Transforming Energy into Work Gasoline Engines and Steam Boilers

Gasoline, which consists largely of hydrocarbon molecules—chains of connected carbon and hydrogen atoms—acts as a fuel in an automobile engine. It

A coal-fired power plant. (©Lester Lefkowitz/Corbis. Reproduced by permission.)



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Million BTUs per person per year source: U.S. Congress, Office Technology Assessment, Energy in Developing Countries, OTA-E-486 (Washington, D.C.: U.S. Government Printing office, Jan. 19)

is a product of the distillation of raw petroleum. The energy that holds these carbon and hydrogen atoms together is stored in the bonds between each atom.

In an automobile, gasoline is mixed with air in the combustion chamber of an engine cylinder, the mixture is compressed by a piston, and a spark from the spark plug ignites the mixture. The ideal chemical reaction for this process is:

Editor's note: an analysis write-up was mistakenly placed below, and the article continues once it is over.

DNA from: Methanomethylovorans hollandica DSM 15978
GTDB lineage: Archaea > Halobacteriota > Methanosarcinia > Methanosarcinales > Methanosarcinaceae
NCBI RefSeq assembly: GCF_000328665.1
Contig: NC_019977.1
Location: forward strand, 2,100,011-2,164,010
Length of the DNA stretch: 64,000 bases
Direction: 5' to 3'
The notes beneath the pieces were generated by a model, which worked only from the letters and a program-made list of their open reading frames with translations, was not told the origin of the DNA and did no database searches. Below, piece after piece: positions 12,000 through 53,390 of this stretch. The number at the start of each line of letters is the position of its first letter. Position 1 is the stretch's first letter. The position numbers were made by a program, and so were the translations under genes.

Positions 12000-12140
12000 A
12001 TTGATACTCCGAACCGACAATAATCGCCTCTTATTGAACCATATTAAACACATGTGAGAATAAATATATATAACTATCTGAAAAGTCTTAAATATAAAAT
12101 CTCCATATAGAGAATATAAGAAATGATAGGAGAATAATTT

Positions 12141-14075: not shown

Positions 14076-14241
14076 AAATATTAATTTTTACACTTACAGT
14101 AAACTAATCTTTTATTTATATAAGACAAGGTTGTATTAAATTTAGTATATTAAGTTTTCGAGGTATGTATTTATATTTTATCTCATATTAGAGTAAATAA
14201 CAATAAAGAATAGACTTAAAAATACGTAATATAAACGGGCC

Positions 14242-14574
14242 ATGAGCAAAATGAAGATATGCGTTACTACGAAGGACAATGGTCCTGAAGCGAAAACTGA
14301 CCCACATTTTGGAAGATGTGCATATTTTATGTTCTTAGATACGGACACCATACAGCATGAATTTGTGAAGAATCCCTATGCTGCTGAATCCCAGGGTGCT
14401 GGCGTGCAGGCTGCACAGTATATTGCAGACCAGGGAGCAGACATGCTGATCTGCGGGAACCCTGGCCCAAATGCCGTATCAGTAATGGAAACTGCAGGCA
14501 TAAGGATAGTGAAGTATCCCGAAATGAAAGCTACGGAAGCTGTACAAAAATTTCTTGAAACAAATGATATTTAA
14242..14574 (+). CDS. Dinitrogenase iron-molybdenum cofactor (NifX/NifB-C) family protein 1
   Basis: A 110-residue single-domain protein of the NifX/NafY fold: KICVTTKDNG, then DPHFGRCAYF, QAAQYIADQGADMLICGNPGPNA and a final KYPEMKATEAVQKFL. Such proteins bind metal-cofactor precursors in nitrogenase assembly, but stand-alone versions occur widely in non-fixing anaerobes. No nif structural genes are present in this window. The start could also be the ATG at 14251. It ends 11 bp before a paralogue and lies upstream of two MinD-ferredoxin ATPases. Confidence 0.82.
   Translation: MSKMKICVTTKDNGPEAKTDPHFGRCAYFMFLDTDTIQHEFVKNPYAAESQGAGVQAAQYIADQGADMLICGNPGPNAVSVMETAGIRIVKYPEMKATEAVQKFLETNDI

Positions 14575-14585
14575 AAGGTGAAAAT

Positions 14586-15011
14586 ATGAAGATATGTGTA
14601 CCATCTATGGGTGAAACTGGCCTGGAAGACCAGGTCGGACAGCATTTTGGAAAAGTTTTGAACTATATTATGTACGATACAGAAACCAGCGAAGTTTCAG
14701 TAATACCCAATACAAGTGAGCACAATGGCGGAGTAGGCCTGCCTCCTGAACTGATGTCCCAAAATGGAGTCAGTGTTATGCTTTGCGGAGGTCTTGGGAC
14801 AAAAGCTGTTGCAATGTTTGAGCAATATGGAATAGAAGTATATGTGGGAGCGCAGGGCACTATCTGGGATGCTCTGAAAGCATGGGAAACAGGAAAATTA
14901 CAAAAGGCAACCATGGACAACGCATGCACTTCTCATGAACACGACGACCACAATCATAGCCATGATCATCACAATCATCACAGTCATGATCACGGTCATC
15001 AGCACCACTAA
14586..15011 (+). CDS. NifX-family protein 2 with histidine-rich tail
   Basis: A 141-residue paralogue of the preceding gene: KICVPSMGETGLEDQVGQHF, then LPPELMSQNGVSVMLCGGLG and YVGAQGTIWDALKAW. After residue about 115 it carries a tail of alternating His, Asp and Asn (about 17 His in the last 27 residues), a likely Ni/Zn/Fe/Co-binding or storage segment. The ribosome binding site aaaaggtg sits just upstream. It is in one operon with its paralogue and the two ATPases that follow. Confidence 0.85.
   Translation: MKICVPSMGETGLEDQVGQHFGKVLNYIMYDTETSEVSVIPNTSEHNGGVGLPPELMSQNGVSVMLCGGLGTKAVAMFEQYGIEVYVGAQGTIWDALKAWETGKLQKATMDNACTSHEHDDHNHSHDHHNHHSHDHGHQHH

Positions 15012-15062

Hydrocarbons + oxygen + spark

The energy is released in the form of heat, which causes the gases to expand and pushes the piston outward. The piston is connected to a rod and a crankshaft that ultimately transform the energy locked up in molecules into the revolution of wheels, setting your car in motion. The combustion products of carbon dioxide and water are expelled through the exhaust system into the atmosphere.

Similarly, a boiler in a power plant relies on the release of energy from burning coal or natural gas to heat water and convert it into steam. The steam turns the blades of a turbine-powered generator that ultimately causes electrons to move through a wire, converting the energy from the fuel into electrical energy that can be used to power appliances in your home.

In each of these cases, energy stored in chemical bonds is transformed into useful energy that can perform work.

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